Bankole: Detroit’s black fathers and dying kids

Bankole Thompson
The Detroit News

Robin Wright King — a Detroiter who wrote the book “Papa Was a Rolling Stone,” the story of her struggles with an absent father — recalled on Facebook last week an ordeal that underscores the crisis of black fatherhood in this city.

The June 12 incident from the worship services at Northwest Unity Missionary Baptist Church explains why many children are forced to carry the burden of the bad choice their fathers make.

“In church this morning a young boy, 11 years old, led the call to worship prayer. In his prayer he said, ‘Dear Lord, please save my father from going to jail, help him not to sell drugs. I want him to be with me. I want him to be the father I need and want. Lord please save my father.’ He was so overcome with emotion he couldn’t continue the prayer. Needless to say, there wasn’t a dry eye in the church,” King recounted.

What stood out, King explained later, was the testimony of a child in pain. Think about all the children who are in the same predicament as that 11-year-old.

Think about all the children who have been murdered in this city. Where are the fathers? We hardly ever see them come out when the death of their kids is reported in the news. All we see for the most part are the faces of agonizing mothers helplessly looking to reporters and police for help in solving the murders of those children.

Do these fathers understand the responsibility they have of taking care of their children? Do they understand that the job of raising their children come with the title of father?

The New York Times in its 2015 report “1.5 Million Missing Black Men” sought to deconstruct the absence of black men in everyday life using numbers from the 2010 Census.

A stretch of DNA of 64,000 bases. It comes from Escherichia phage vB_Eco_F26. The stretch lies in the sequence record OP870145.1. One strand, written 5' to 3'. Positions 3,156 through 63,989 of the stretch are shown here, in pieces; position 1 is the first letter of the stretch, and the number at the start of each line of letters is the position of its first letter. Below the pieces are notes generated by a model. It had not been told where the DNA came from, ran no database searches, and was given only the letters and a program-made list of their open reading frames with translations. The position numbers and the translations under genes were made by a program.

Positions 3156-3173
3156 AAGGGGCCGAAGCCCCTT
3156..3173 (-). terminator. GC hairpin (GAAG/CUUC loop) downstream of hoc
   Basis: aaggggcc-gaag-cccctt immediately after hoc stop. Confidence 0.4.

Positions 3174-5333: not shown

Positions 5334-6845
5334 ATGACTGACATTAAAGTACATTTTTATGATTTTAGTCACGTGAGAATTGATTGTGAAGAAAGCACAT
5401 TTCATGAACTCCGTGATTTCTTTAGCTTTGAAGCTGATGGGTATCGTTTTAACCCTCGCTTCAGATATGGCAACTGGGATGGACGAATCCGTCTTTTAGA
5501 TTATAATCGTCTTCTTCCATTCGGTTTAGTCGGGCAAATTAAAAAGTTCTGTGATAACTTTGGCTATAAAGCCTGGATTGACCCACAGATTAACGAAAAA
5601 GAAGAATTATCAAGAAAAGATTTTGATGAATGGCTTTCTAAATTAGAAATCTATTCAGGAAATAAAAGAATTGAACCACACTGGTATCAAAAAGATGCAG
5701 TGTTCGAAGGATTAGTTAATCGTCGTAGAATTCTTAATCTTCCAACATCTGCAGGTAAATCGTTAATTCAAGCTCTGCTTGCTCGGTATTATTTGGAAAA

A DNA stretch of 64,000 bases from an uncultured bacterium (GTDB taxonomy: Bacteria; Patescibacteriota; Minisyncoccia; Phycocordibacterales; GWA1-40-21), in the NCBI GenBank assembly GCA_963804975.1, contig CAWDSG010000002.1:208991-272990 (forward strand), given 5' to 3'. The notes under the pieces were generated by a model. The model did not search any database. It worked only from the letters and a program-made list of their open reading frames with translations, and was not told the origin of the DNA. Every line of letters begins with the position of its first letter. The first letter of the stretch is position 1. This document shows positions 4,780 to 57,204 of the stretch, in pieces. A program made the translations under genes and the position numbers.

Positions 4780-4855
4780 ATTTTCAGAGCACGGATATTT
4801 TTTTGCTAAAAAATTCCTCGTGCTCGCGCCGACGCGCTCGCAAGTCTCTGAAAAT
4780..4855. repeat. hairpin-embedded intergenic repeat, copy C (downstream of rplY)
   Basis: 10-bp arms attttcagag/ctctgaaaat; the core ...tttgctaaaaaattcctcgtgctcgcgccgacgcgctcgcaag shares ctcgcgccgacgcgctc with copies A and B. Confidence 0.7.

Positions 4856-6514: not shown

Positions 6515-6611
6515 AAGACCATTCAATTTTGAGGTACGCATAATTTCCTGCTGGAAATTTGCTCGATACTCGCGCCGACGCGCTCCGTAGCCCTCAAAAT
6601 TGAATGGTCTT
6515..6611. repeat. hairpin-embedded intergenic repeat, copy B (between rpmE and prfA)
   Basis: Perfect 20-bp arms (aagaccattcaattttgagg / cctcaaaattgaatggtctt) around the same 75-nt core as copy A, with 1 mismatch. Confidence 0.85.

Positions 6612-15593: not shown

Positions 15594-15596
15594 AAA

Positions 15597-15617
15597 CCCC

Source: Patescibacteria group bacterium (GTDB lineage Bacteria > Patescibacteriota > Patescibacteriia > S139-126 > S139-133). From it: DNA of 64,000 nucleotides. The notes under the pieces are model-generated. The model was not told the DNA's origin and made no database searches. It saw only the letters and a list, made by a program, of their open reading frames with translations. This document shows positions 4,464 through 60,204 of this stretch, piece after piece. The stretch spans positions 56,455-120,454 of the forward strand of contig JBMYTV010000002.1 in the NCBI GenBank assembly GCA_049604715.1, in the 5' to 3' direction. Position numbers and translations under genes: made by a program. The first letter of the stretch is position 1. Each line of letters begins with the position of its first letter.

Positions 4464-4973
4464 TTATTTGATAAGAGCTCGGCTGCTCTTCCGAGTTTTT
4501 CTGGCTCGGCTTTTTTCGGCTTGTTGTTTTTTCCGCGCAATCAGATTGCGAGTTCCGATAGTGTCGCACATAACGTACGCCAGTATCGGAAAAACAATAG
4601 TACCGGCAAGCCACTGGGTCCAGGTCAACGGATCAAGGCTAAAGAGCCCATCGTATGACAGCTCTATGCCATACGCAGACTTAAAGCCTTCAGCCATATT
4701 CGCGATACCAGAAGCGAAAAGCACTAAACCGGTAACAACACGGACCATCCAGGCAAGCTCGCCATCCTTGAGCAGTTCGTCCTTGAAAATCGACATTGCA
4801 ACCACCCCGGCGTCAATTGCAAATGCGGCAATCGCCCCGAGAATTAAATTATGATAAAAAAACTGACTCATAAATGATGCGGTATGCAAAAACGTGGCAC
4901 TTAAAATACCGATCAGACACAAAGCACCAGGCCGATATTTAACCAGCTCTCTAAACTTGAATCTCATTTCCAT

“They are missing largely because of early deaths or because they are behind bars. Remarkably, black women who are 25-54 and not in jail outnumber black men in that category by 1.5 million,” the Times reported.

While we must deal with the complexities of a justice system that often unfairly imprisons black men, we must also talk about the responsibility those men owe their children. That is a conversation needed in Detroit now in view of the ongoing onslaughts against innocent children.

And fathers who walk away from their children should know that their actions have a debilitating impact on those children.

“More poignant is the need for parents, not just fathers, to understand how our choices and behaviors impact our children and potentially imprint a legacy dysfunction,” King said.

“Some children are able to meet and beat the challenge to be what they cannot see. Others cannot and are left to languish. I pray this child’s father can find his way back to his son and other children.”

King said we must start the conversation in our circle of family and friends to help bring a father you know back to his child’s life.

“A broken heart today for an 11-year-old could be a cold, angry heart at 17 and 18,” King said.

Before it is too late, that 11-year-old and others like him should be nurtured, developed and protected by the men who call themselves fathers.

Bankole Thompson is the host of “Redline with Bankole Thompson” on Super Station 910 AM Wednesdays and Fridays. His column appears Mondays and Thursdays